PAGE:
Off to London town!

England is not the easiest place to travel around for a backpacker, and especially not for a backpacker from Australia.

For one, as soon as I go there the value of my money more or less halves. It feels like I have a hole in my pocket and everytime I check my bank account I have a fleeting moment of panic in which I think I’ve been the victim of credit card fraud, followed by the realisation that no, actually, if I convert all those pounds back into dollars, I’ve just spent it all.

And then you add to that the fact that hostels in the UK are, to put it nicely, just generally kind of awful. Kate told me that she heard that they put homeless people and, if I remember correctly (I might not be remembering correctly – don’t quote me on this), newly released criminals into hostels in the UK. From the strange smells and strange men I was exposed to in some of my hostel rooms there, I would not at all be surprised.

And yet, the UK is home to some of my favourite people, an English speaking Thai embassy, and they have a seriously banging drum and bass scene – so despite its shortcomings I decided, for the 5th time in my life, to return there once again: first stop London.

I’m not going to lie, I’m not a huge fan of London. Or at least, I’m not a huge fan of backpacking around London. It’s just so big and spread out, and public transport is really expensive, and there aren’t enough public toilets around. London, I really think, is the kind of place you should either visit along with friends, or to stay with friends, and where you bicycle around and you definitely do not stay at a hostel.


I don’t have great luck with hostels in London. I’ve stayed at a few different ones, and every time I found it hard to make friends because most of the people in them were non-English speakers, and out of that, a lot were looking to live there and were using the hostel as temporary accommodation. Maybe I just pick bad ones though, and other people have better luck.

This time, I stayed in Palmer’s Lodge, Swiss Cottage, which had great reviews on Hostelworld. Unfortunately, it wasn’t as good in real life.

My dorm room absolutely stank. Always. I don’t know why it did, but there was an industrial sized spray can of air freshener by the door, and everytime someone came in, they would spray it for around 20 seconds until you had the smell of artifical jasmine pervading the air so thickly that you could barely breathe. Half the inhabitants were old men who slept with various pieces of headgear and made strange noises all through the night, which really added to the atmosphere.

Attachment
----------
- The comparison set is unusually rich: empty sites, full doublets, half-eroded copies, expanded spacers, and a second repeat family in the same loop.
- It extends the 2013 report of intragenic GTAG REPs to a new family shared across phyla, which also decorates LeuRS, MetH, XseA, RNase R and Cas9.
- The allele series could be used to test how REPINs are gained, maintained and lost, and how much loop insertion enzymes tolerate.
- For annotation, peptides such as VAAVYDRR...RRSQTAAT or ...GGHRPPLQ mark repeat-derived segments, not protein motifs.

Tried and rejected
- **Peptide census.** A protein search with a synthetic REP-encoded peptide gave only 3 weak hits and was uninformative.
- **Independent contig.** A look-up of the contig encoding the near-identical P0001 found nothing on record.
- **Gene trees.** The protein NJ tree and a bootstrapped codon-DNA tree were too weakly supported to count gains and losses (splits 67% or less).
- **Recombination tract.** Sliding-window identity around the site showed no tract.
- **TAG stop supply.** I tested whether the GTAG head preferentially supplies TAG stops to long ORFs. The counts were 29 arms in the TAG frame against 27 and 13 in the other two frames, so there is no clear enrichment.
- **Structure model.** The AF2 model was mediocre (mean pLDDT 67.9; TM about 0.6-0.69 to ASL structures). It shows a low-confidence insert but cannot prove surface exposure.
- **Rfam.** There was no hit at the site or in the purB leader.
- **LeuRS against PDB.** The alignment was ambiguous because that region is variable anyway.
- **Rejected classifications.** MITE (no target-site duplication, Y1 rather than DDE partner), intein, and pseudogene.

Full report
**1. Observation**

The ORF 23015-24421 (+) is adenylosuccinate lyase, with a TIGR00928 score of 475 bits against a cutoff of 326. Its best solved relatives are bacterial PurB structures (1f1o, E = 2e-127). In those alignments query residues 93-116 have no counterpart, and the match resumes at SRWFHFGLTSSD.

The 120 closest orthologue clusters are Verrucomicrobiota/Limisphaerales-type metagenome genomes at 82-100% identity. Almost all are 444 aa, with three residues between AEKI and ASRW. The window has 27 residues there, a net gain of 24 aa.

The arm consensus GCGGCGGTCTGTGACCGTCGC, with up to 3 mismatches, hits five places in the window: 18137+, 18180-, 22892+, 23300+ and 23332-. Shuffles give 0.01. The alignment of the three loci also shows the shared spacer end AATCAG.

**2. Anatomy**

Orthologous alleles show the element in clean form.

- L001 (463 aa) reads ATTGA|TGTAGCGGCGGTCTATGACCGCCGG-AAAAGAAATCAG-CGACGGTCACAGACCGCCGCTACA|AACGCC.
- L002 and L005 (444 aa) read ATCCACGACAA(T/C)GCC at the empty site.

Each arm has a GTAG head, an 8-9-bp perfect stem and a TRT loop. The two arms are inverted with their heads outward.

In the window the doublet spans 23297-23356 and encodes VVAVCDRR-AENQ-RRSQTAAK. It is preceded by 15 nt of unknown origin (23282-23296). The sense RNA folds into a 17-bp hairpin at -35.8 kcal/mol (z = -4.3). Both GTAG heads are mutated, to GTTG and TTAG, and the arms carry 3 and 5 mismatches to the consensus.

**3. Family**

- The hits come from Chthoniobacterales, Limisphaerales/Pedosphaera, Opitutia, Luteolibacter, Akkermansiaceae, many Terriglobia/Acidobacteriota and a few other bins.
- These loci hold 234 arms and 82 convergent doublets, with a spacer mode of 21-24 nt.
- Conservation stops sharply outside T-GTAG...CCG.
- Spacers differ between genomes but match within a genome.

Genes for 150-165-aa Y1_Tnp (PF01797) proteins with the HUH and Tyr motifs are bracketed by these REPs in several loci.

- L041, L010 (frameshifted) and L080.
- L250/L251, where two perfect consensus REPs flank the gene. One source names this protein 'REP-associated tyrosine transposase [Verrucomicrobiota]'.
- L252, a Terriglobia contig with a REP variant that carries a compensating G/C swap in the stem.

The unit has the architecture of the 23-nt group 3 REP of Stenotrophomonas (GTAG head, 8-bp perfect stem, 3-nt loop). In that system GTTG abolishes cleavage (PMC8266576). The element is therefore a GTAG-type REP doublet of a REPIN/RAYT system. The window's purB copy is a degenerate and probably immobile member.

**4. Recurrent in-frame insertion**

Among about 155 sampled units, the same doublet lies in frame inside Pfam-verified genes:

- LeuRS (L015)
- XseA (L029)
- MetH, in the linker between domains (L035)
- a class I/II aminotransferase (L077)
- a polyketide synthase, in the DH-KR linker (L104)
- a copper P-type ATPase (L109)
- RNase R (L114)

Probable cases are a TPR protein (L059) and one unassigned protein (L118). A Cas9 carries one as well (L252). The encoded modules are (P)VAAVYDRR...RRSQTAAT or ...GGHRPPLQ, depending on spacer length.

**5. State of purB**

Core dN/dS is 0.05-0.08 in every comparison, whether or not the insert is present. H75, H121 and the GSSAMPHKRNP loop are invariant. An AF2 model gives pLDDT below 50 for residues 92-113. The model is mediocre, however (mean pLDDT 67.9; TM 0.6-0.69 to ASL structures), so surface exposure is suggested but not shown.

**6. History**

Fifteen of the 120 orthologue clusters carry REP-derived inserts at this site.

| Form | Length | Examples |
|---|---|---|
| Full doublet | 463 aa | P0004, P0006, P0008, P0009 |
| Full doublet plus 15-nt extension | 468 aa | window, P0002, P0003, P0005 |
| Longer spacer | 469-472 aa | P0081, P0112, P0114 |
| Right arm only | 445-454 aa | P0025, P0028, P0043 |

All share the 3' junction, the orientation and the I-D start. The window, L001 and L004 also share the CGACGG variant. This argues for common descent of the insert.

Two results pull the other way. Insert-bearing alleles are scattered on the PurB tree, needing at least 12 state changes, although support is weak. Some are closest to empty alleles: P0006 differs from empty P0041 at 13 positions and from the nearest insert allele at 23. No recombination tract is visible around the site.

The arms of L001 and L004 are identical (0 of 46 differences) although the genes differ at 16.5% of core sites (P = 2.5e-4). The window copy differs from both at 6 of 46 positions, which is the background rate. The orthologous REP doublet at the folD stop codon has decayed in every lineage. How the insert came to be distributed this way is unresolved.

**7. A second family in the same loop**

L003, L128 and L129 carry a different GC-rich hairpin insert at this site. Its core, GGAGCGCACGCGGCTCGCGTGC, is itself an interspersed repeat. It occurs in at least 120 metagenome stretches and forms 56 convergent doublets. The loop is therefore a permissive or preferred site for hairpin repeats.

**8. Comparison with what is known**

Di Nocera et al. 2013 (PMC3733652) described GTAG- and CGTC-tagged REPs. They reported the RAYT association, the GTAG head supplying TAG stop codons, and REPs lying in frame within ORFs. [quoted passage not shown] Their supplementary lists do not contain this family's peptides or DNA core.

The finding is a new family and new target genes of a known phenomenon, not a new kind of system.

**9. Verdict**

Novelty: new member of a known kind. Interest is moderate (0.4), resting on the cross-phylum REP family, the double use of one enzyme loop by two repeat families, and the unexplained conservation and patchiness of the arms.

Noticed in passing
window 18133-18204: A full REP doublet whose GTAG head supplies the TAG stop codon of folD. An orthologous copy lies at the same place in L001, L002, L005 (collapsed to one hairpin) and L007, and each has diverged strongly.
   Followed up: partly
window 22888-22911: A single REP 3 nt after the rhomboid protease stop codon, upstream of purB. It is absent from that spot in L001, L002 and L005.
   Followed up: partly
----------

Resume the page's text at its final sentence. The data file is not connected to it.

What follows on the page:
The ‘kitchen’ was about 2m long and 1m wide, with just a sink, a fridge and 2 microwaves. Cups, plates and cutlery could occassionally be found there, but only at certain times of the day. It also smelt like something had died in it.

And the bathrooms….oh man. The girls bathrooms were being renovated on my floor, so we had to share the guys’ ones, and they were a bit of a nightmare. They were what I imagined prison bathrooms would be like, until I thought about it and realised prison bathrooms were probably cleaner.

Anyway, apart from the fact that my hostel was awful, and that the weather when I was in London consisted of a lot of rain, I suppose I didn’t have too bad a time of it.


My Mom, darling that she is, had paid for me to get a massage in Clapham. Getting to Clapham from my hostel was an adventure in and of itself. I was running to catch the tube and accidentally hit the side of the escalators with my oyster card and snapped it cleanly through the middle, which meant it no longer worked. The guard at the station I was getting off at wanted to check the card to see whether I’d paid to get on the tube, so wouldn’t even just let me leave. Then after standing in line at the ticket office to confirm that I’d paid, I had to go back to the end of the line to get my card replaced. Then I had to catch a bus, which supposedly came every 10 minutes, but while I was there, came after 25 (this is just my luck – all the other routes listed on the timetable came on time). I called up the massage place to say I might be late and they told me that if I wasn’t on time, I’d just have to forfeit it because they had a strict policy that they didn’t do last minute changes or cancellations.

The one saving grace of this whole trip was that when I did finally get on the bus, I had a lovely conversation with the guy sitting next to me, who was on his way home after he’d been volunteering at a school as part of a program where they give primary aged kids money to start a small business. His kids had made Christmas decorations, and he had a box of those with him, which he’d bought to give his friends as presents. We chatted a lot about our own school experiences and Christmas traditions. It was sweet. And people say that Londoners aren’t friendly!

I ultimately managed to get to the massage parlour just 5 minutes late, and they were actually really nice about it. The massage was not quite what I expected – I mean, the full body massage part was what I expected, and it was an aloe vera massage so I wasn’t surprised that they slathered me head to toe in aloe vera either. But at the end of it, they just wrapped me up in cling film, and left me to lie there, all done up like a plastic mummy. I guess that’s what an aloe vera wrap is, but I’ve never had that done to me before. It’s not the most comfortable sensation. Luckily, I fell asleep as soon as they lay me down and only woke up when the woman came to unwrap me and wipe off the excess aloe vera. First (and last) time for everything.


I mentioned earlier that the other reason I keep coming back to London is drum and bass. I have very wide musical tastes, but drum and bass is hands down my favourite genre to dance to – in fact, I’d even go so far as to say that nothing makes me as happy as dancing at a really good drum and bass gig. I just feel absolutely content and satisfied and like all is perfect with the world. A friend of mine from back home, Sean, had suggested we get tickets to Fabric’s Xmas Special, which was this amazing night of drum and bass featuring Chase and Status, Wilkinson, Loadstar, Hamilton and all these other brilliant artists.